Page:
Mo' money?
March 28, 2010 9:07 AM   Subscribe

Is getting your taxes professionally prepared worth the time and money?

My husband and I have always done our taxes ourselves. We don't make much and we usually qualify for the free e-file. This year we owe. I have to admit, I'm starting to be swayed by tax commercials and their promise of finding mistakes and more money. Has anyone found much value in getting your relatively simple taxes professionally done?

Some details: last year we were both full time students, my husband had a pell grant but we paid for my school out of pocket and with a small amount of EE bonds. We both worked. We have no investments outside of a traditional IRA and one small mutual fund. We made no significant purchases and didn't move. No children, no loans, nuthin' exciting. I qualify for an education credit, but that seems about it. What are the odds we're missing something that would take us out of the red?
posted by lizjohn to Work & Money (17 answers total)
 
i don't know much about tax returns (this was the first year i did mine on my own, and it was really easy), but your question reminded me of this comment.
posted by gursky at 9:11 AM on March 28, 2010


The middle ground: Go spring for a copy of TurboTax or one of its competitors. Cheap, easy, walks you through everything; provides a basic level of reassurance that you're covering all the bases, without the additional cost/hassle of professional prep.
posted by Tomorrowful at 9:40 AM on March 28, 2010 [1 favorite]


The answer to your question really depends on the complexity of your financial situation and the amount of dollar value you place on each hour of your time. I gladly pay an accountant a couple of hundred dollars each year to prepare my tax returns. Your mileage may vary.
posted by dfriedman at 9:54 AM on March 28, 2010


We haven't used a tax professional in decades (yes, that includes the era of DIY on paper.) Judging by your quick overview, I don't see any reason why you shouldn't be able to roll your own, using TurboTax, H.R. Block (formerly TaxCut), or any of the others. Filing your taxes, unless you have some truly absurd complications (which you do not appear to) is dirt simple.

It can take a little time and, software being software, you are sometimes at the mercy at a development team's odd idea of a proper workflow, but it's a fairly simple process.
posted by Thorzdad at 9:59 AM on March 28, 2010


From what you've written, I'd say "no way". Get Turbotax (or use it online here, which I personally prefer because when you come back next year your previous year's data will still be there) and do it yourself. A CPA becomes worth it as soon as you are running a business with employees and writing off part of your house and your car and you have investments of varying types and sizes, etc. With your situation, Turbotax will walk you right through the whole process.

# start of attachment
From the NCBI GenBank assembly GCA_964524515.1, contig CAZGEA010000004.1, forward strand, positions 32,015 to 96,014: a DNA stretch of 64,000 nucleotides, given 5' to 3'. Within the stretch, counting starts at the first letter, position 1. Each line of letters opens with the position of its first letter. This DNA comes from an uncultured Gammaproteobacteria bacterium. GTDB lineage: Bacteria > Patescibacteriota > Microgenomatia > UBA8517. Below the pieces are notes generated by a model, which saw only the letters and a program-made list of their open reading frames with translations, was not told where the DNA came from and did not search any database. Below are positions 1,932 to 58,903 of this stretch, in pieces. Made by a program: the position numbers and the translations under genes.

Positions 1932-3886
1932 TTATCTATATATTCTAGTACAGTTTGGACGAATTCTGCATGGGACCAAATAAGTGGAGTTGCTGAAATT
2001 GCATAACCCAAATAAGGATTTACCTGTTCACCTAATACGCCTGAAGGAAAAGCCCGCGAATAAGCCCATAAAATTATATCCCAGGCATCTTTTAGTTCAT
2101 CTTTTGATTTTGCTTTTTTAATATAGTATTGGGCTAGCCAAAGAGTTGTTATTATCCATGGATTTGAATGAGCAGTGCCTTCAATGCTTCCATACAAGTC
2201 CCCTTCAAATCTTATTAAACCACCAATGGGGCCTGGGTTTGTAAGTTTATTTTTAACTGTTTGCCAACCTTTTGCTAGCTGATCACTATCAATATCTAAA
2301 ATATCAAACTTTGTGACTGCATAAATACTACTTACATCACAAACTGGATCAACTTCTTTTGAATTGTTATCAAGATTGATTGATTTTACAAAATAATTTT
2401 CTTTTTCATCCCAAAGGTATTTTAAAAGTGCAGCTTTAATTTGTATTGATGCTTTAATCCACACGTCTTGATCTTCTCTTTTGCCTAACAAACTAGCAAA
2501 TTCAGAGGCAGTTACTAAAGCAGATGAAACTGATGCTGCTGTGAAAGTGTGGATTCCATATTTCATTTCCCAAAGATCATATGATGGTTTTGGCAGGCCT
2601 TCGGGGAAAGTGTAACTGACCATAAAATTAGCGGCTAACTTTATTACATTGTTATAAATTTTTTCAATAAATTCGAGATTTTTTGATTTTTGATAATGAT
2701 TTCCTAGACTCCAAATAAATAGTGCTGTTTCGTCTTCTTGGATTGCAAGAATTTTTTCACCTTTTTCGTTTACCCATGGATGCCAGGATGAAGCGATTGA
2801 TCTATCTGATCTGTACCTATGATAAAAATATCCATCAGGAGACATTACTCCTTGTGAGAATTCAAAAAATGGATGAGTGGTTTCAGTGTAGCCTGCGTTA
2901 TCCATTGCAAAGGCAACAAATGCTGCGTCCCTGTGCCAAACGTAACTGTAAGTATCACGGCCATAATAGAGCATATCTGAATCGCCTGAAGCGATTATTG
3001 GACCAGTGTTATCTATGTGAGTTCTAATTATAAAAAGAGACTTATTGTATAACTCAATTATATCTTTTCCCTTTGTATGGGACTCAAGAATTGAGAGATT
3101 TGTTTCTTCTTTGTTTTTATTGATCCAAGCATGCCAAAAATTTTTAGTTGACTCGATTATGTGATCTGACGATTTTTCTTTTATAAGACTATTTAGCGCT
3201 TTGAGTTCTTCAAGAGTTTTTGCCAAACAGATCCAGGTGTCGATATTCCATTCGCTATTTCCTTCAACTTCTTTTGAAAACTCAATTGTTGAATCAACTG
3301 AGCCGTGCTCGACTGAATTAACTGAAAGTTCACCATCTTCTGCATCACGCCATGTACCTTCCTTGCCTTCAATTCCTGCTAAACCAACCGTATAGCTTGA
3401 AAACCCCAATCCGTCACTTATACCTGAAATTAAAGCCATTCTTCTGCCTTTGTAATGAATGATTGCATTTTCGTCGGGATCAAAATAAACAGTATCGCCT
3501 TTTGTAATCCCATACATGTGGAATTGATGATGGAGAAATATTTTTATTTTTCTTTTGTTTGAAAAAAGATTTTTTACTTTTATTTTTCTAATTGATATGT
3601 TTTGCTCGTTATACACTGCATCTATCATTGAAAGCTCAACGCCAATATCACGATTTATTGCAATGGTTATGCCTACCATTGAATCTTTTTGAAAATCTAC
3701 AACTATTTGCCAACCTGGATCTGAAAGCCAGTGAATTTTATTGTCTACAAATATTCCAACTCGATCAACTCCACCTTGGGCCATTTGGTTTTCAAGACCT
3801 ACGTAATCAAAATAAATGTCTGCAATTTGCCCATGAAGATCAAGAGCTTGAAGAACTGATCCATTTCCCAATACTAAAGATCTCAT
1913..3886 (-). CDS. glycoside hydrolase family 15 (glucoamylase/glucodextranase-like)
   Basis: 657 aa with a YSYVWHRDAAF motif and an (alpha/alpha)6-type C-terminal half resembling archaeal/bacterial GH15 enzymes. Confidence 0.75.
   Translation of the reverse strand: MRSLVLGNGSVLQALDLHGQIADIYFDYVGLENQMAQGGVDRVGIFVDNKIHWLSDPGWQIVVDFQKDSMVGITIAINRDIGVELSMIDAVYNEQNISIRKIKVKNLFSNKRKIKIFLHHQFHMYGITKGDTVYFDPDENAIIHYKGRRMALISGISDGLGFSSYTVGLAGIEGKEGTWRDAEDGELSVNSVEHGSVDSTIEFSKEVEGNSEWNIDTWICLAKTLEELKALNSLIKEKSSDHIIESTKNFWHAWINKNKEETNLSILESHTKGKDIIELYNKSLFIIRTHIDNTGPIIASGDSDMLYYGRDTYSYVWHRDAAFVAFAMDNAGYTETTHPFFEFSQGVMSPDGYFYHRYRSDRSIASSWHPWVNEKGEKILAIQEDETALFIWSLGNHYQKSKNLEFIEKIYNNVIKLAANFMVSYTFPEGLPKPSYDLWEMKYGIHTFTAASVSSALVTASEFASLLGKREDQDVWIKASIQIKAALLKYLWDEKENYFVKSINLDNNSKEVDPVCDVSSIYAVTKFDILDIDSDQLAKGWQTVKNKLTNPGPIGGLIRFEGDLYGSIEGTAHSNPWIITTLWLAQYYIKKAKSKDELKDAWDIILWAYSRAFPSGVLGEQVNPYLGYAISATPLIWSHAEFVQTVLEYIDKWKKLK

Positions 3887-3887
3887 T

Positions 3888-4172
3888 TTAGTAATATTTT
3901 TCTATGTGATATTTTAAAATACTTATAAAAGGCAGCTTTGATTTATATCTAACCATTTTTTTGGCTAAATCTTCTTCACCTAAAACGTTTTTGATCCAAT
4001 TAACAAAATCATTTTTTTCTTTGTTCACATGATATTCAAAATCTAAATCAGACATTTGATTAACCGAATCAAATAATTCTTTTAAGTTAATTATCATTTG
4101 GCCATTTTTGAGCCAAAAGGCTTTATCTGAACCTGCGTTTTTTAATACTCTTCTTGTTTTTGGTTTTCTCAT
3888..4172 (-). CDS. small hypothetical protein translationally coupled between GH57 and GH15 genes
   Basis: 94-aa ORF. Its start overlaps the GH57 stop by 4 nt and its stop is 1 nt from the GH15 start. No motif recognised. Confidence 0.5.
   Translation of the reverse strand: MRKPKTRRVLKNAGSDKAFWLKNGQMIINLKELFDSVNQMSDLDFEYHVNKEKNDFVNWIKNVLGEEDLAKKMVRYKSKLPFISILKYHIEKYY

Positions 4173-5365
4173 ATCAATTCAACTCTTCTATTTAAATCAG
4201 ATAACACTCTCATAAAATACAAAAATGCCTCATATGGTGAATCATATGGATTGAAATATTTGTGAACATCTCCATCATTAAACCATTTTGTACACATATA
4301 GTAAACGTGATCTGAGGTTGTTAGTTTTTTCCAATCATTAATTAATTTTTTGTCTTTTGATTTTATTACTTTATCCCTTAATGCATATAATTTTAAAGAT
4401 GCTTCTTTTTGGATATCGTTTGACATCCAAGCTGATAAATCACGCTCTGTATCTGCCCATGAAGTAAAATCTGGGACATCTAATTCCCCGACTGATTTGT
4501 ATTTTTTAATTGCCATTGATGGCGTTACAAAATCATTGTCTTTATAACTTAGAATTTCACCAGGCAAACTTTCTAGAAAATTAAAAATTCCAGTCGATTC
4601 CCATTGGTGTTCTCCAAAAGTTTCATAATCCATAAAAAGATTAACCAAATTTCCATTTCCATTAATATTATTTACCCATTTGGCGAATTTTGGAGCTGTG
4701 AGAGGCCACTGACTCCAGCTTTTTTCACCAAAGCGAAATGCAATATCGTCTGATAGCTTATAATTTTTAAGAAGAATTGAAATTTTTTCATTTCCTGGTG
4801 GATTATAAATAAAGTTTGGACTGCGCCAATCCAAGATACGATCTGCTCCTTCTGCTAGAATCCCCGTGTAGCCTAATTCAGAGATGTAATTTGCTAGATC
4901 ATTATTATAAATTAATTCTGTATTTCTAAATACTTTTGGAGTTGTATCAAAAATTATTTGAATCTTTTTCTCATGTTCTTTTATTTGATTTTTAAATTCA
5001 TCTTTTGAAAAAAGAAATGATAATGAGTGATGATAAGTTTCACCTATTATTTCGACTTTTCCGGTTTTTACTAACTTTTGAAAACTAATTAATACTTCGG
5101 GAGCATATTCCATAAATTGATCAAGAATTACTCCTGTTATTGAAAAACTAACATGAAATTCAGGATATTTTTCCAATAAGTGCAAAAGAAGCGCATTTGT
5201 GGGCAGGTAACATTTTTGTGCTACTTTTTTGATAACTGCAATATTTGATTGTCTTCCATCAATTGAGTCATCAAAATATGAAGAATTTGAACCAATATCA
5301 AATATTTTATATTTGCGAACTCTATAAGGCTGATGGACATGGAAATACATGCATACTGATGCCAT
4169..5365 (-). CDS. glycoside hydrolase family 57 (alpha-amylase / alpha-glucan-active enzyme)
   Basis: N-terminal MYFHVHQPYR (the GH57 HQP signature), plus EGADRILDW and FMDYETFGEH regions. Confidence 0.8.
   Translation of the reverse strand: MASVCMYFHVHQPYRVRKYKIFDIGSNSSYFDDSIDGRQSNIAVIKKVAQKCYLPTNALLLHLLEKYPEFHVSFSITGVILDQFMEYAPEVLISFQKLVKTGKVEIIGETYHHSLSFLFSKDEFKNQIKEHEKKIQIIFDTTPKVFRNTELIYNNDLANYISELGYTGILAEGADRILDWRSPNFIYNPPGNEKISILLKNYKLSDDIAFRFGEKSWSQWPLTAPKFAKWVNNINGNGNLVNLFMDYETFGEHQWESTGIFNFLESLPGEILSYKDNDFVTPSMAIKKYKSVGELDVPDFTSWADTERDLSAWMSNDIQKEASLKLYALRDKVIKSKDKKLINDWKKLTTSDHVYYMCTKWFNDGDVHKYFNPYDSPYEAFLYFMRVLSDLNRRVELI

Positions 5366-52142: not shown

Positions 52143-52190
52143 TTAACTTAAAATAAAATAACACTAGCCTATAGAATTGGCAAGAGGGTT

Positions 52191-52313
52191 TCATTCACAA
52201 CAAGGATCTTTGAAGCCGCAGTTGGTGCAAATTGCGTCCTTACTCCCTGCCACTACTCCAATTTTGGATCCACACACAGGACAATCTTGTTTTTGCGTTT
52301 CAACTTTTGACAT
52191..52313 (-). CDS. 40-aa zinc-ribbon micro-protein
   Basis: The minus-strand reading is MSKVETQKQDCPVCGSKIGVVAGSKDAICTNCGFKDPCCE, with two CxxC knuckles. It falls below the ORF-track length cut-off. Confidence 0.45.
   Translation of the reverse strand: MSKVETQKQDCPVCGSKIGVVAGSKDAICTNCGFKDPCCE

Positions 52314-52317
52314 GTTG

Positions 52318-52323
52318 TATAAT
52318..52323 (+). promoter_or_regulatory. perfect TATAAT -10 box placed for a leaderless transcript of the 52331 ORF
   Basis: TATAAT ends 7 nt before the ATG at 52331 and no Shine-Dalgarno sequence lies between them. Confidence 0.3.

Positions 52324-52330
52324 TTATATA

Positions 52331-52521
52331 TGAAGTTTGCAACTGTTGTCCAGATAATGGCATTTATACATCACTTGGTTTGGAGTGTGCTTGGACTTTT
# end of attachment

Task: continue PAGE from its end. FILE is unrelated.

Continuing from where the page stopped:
I used them for years until my wife started a business. Now we have a CPA (and in our situation, it's worth it).
posted by crapples at 10:10 AM on March 28, 2010 [1 favorite]


Yeah, I'd slightly revise my comment: based on your description, I would have a CPA prepare your taxes. But personally I find it worth it...
posted by dfriedman at 10:12 AM on March 28, 2010


The first year we did joint taxes w/mortgage and business facets, we had someone do them for us, because it was helpful to see how the documents were organized. The next year (this year), I figured we could copy her template, but once again, judging from the 'I-don't-wanna-do-this' sniping we both exhibited with each other just in *pulling* together the documents, avoiding the drama and 5-10 hours we saved was totally worth it in terms of our relationship.

So I think of it as a gift I give myself.
posted by anitanita at 10:13 AM on March 28, 2010 [1 favorite]


I mean, based on your description I wouldn't have a CPA prepare them....
posted by dfriedman at 10:17 AM on March 28, 2010


Sounds like your situation is very simple. I'm no expert, but unless there's something you didn't mention, I'm not sure you'd benefit from hiring a preparer.

Another middle ground: get free tax preparation from AARP Tax-Aide.
posted by box at 10:21 AM on March 28, 2010 [1 favorite]


Are you a homeowner? Do you itemize your deductions? Do you have any business income (or loss)?

If your answer to all of these is "no", then there's probably not much else that an accountant can do for you. Look at it this way: at least you didn't give the government an interest-free loan this year....
posted by mr_roboto at 10:47 AM on March 28, 2010


I would recommend a tax preparation program like TurboTax. It will step you through all of the various forms and make sure that you don't overlook savings like the Making Work Pay Tax Credit or deductions for student loans. Check your credit union website and you may find that you can get free or discounted versions of TurboTax. I prefer doing my own taxes because then I understand every detail of my taxes and how to minimize them in the future.